Canadian men put their hearts into prevention - yet both sexes fall short when it comes to awareness of secondary heart health risks
MISSISSAUGA, Ontario, March 13, 2012 /Canada NewsWire/ - When it comes to matters of the heart, it's no secret that men and women can be quite different. In fact, a new survey conducted by Vision Critical on behalf of AstraZeneca Canada Inc. reveals that the gender gap after a heart attack may be wider than we think, with men taking better care of themselves after a heart attack than women.
According to the survey, there was a significant difference in the number of men who made changes to their lifestyle post-heart attack compared to women. In fact, men surpass women by at least 10 per cent when it comes to visiting their doctor, getting their cholesterol/blood pressure tested and taking prescription medication for their heart.
"These survey results are especially surprising, as they contradict the popular belief that women are more proactive when it comes to their health and well-being," says Dr. David Fitchett, an interventional cardiologist at St. Michael's Hospital in Toronto. "It's important to note, however, that both sexes could use improvement. A heart attack can be very damaging to the heart itself, so making appropriate changes to diet, lifestyle and medication after an event is crucial to maintaining heart health."
While men seem more proactive in taking care of themselves post-heart attack, the risk of a repeat event for both men and women is high. Although treatment advances have greatly increased chances of survival, approximately 20 per cent of patients hospitalized for heart attacks are re-admitted within six months, and 15 per cent will die within one year. Women in particular are twice as likely as men to die within the first few weeks after suffering a heart attack.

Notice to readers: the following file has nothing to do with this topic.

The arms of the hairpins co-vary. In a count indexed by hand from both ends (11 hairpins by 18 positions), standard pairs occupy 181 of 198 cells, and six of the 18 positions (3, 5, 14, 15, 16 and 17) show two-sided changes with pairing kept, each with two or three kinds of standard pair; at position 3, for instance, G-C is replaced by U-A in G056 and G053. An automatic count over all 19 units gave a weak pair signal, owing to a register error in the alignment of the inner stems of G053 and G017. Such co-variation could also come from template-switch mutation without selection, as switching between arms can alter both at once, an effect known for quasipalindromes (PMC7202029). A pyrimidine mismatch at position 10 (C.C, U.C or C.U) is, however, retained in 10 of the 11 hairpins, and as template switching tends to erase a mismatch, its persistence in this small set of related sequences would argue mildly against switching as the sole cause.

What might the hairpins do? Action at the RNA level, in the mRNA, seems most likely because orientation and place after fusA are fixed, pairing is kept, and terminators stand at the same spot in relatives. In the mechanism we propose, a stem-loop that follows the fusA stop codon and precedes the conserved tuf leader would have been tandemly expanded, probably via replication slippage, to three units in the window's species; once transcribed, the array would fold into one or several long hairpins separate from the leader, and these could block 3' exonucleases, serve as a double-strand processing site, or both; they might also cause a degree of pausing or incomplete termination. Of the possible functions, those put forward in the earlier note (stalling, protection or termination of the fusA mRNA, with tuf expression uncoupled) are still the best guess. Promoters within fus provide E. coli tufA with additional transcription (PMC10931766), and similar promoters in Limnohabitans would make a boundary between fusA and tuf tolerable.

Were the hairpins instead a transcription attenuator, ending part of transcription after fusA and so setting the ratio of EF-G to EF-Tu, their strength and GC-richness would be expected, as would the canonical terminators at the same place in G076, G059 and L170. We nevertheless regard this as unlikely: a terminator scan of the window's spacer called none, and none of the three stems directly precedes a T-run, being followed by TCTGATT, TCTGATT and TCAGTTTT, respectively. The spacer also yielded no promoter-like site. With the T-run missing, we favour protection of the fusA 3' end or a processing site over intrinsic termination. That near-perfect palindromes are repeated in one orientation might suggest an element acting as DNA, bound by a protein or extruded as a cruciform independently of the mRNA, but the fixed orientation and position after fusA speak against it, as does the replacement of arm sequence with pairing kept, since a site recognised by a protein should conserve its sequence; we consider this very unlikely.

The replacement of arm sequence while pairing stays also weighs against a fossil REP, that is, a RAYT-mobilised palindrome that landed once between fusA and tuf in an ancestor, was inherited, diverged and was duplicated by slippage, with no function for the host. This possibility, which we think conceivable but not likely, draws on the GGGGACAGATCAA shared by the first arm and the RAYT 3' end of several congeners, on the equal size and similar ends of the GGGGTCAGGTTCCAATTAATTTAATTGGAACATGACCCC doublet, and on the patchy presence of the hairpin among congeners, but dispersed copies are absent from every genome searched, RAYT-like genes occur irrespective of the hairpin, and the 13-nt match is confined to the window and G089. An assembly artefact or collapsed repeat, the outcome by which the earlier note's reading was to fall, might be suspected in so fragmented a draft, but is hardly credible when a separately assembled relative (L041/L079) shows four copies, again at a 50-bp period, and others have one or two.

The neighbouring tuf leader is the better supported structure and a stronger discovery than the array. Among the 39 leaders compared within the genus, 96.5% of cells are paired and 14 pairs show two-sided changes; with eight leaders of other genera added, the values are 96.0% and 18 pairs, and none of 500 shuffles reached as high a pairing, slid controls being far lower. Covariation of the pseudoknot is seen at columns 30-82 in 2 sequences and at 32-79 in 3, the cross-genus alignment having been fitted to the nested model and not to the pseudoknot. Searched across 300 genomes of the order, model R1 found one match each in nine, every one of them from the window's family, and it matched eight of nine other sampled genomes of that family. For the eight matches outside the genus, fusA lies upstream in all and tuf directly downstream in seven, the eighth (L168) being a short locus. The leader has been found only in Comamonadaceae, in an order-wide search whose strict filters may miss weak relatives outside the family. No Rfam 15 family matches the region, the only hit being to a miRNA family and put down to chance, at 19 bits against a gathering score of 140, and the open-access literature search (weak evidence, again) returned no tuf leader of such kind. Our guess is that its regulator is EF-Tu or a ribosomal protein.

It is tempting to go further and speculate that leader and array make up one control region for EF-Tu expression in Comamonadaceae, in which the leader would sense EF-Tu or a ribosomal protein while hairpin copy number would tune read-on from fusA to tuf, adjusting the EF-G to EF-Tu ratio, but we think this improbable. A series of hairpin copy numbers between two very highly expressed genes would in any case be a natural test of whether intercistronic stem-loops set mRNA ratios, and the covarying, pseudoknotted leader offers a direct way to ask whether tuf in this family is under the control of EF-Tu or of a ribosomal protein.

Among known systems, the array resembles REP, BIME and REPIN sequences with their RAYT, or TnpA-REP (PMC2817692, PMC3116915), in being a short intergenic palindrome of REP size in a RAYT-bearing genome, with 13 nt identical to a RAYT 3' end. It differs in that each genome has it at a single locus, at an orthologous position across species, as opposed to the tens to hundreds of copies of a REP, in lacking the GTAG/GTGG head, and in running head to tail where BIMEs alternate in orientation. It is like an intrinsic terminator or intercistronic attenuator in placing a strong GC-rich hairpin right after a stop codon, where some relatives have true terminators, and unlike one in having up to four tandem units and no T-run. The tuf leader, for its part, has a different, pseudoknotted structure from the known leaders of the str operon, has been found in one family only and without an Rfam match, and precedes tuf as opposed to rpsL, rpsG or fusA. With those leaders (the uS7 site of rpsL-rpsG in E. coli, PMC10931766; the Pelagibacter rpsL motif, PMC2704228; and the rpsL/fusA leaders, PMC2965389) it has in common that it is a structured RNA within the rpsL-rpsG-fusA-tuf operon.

Despite these startling statistics, the survey revealed that 69 per cent of sufferers feel they face the same or less risk than others their age who have not had a heart attack. In reality, approximately one-in-three heart attacks every year are recurrent events, creating a significant burden on patients and the Canadian health care system.
The costs of cardiovascular disease in Canada are extremely high, with more than $20.9 billion spent every year in physician services, hospital costs, lost wages and decreased productivity.
A Heartfelt Approach to Prevention
The survey also found that while 89 per cent of Canadians overall are taking medication as a result of their heart attack, they don't consider it to be as important as eating a healthy diet, exercising regularly or not smoking. Despite this, 15 per cent of men and 32 per cent of women still smoke post-heart attack.
Men also lead the way with treatment compliance, with 93 per cent saying they take a prescription medication for their heart, compared with only 83 per cent of women.
"Newer treatment options are an important part of an overall prevention plan to help Canadians who are at risk of suffering a second heart attack - a plan that also includes lifestyle changes such as eating a healthy diet, keeping physically active and avoiding smoking and alcohol," says Dr. Fitchett. "It's important for both men and women to understand the increased risks after suffering a heart attack, incorporate prevention measures and make informed decisions to better protect their health and prevent a second heart attack."
About Astrazeneca Canada
AstraZeneca is committed to the research, development and manufacturing of valuable prescription medicines. We have an extensive product portfolio spanning six therapeutic areas: gastrointestinal, cardiovascular, infection, neuroscience, oncology and respiratory. AstraZeneca's Canadian headquarters are located in Mississauga, Ontario, and a state-of-the-art drug discovery centre is based in Montreal, Quebec. For more information, please visit the company's website at www.astrazeneca.ca.